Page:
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Brutality in Stone (1961)

Brutalität in Stein (original title)
In his experimental short film _Brutalitaet in Stein_ (brutality in stone), Alexander Kluge demonstrates how Nazi architecture used dimensions of inhuman and super-human scale to bolster ... See full summary »
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Cast

Credited cast:
Hans Clarin ...
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Christian Marschall ...
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Storyline

In his experimental short film _Brutalitaet in Stein_ (brutality in stone), Alexander Kluge demonstrates how Nazi architecture used dimensions of inhuman and super-human scale to bolster the regime's politics of the same kind. Shots of huge neo-classical architectural structures from the Nazi period are confronted with equally anti-human national-socialist language as a voice-over. Written by Anonymous

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new german cinema | See All (1) »

Genres:

Documentary | Short

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Release Date:

8 February 1961 (West Germany)  »

Also Known As:

Brutality in Stone  »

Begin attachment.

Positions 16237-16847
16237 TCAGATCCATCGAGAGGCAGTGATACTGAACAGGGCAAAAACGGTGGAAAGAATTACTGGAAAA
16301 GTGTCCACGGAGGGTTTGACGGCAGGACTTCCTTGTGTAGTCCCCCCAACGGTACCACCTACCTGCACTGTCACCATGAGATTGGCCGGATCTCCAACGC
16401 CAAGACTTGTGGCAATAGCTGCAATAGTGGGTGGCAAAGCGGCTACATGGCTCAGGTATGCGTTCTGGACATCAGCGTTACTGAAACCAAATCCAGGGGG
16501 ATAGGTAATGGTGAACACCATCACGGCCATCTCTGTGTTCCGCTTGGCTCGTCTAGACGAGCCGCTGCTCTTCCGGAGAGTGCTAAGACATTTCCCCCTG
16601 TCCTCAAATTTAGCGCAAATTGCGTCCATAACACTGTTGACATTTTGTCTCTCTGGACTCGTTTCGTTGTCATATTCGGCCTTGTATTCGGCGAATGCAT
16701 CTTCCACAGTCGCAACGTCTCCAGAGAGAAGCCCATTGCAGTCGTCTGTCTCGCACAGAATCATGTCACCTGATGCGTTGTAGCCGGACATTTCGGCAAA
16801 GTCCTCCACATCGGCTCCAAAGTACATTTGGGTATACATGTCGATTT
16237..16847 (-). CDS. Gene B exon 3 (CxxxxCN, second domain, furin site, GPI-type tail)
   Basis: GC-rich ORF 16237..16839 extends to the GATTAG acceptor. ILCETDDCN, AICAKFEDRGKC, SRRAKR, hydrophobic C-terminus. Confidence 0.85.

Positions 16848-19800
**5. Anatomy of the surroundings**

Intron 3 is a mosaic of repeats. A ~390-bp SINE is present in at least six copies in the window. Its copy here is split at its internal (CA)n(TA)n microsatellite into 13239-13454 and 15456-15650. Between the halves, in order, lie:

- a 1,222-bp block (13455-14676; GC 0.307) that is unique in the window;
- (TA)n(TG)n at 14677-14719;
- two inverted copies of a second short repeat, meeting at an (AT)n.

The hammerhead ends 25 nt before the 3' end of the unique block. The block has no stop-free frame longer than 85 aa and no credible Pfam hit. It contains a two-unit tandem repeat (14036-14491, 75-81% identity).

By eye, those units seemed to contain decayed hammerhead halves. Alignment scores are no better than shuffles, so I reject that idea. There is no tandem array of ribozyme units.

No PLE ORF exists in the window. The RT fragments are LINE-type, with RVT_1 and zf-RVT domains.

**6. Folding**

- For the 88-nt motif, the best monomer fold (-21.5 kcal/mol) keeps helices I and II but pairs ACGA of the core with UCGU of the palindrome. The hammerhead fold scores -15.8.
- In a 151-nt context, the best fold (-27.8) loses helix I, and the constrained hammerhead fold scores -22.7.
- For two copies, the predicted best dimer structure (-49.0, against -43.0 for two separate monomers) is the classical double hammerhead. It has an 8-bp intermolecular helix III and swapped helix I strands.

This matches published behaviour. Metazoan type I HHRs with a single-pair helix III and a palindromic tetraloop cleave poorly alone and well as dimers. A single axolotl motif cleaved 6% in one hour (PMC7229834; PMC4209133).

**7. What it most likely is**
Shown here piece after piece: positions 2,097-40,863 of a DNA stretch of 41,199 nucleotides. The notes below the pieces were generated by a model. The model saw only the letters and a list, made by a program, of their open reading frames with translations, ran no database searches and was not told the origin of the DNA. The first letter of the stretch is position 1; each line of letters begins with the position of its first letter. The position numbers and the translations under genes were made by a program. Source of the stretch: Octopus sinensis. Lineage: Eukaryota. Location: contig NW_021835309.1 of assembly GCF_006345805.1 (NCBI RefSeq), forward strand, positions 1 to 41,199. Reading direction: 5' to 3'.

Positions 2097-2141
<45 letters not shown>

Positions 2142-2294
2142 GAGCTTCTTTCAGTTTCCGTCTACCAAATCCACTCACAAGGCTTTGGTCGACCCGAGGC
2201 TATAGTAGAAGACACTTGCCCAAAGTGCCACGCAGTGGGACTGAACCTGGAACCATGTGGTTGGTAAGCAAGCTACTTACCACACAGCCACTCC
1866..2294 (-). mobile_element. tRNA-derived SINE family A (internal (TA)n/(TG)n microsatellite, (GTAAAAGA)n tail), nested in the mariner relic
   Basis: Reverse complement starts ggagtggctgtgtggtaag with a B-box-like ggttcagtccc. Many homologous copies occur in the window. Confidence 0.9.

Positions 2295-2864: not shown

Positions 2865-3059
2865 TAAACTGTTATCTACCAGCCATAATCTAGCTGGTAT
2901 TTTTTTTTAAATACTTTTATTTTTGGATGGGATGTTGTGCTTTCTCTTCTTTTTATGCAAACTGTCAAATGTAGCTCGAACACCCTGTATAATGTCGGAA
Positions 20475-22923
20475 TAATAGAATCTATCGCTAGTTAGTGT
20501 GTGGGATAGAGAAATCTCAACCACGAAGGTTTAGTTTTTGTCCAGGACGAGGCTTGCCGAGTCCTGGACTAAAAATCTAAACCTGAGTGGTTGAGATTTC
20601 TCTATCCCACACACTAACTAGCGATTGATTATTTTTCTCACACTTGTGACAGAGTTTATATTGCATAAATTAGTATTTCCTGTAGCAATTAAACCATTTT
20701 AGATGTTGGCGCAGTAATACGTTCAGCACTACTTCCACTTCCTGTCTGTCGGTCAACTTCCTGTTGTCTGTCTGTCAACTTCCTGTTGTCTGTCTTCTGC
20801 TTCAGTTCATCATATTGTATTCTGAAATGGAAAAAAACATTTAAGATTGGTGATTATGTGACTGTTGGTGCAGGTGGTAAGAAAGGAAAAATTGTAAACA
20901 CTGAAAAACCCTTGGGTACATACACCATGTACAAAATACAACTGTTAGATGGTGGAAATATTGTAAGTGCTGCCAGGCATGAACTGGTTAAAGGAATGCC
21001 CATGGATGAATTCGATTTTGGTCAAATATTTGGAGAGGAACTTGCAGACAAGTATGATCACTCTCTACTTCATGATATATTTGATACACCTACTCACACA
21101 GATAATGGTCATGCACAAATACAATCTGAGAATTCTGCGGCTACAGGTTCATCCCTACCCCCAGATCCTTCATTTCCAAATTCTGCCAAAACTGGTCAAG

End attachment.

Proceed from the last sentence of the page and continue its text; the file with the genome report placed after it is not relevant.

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1.37 : 1
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As a movie not effective enough
22 June 2015 | by (Berlin, Germany) – See all my reviews

"Brutality in Stone" is a German short film that runs for little over 10 minutes and was made 55 years ago. It was made by the duo Alexander Kluge and Peter Schamoni. Kluge is one of Germany's most impactful filmmakers of the second half of the 21st century while Schamoni also has a good deal of memorable work under his belt, including an Academy Award nomination. When the two made this short movie here, this was still very early in their careers and both were pretty young. Same can be said about the two narrators Clarin and Marschall.

This film was made 15-20 years after the Nazi reign in Germany. It deals with architecture mostly, but also includes speeches by high-profile German politicians from the first half of the 1940s including Hitler and some of his closest cabinet members. I personally was not too impressed with the content. It is all cold facts basically, but there is no emotion in here really and I also don't have the greatest interest in architecture, even if I have always been curious about the details of Nazi Germany. It also could not really attract my attention as it's basically just a collection of photographs. Nonetheless I must say that the audio comments elevated the weak visual material by a lot. Overall, it is worth checking out, but not a must-see by any means. If you are really interested in the topic of architecture, you will maybe enjoy this more than I did. Still, there are many other, in my opinion superior documentaries out there that deal with the darkest era in German history.


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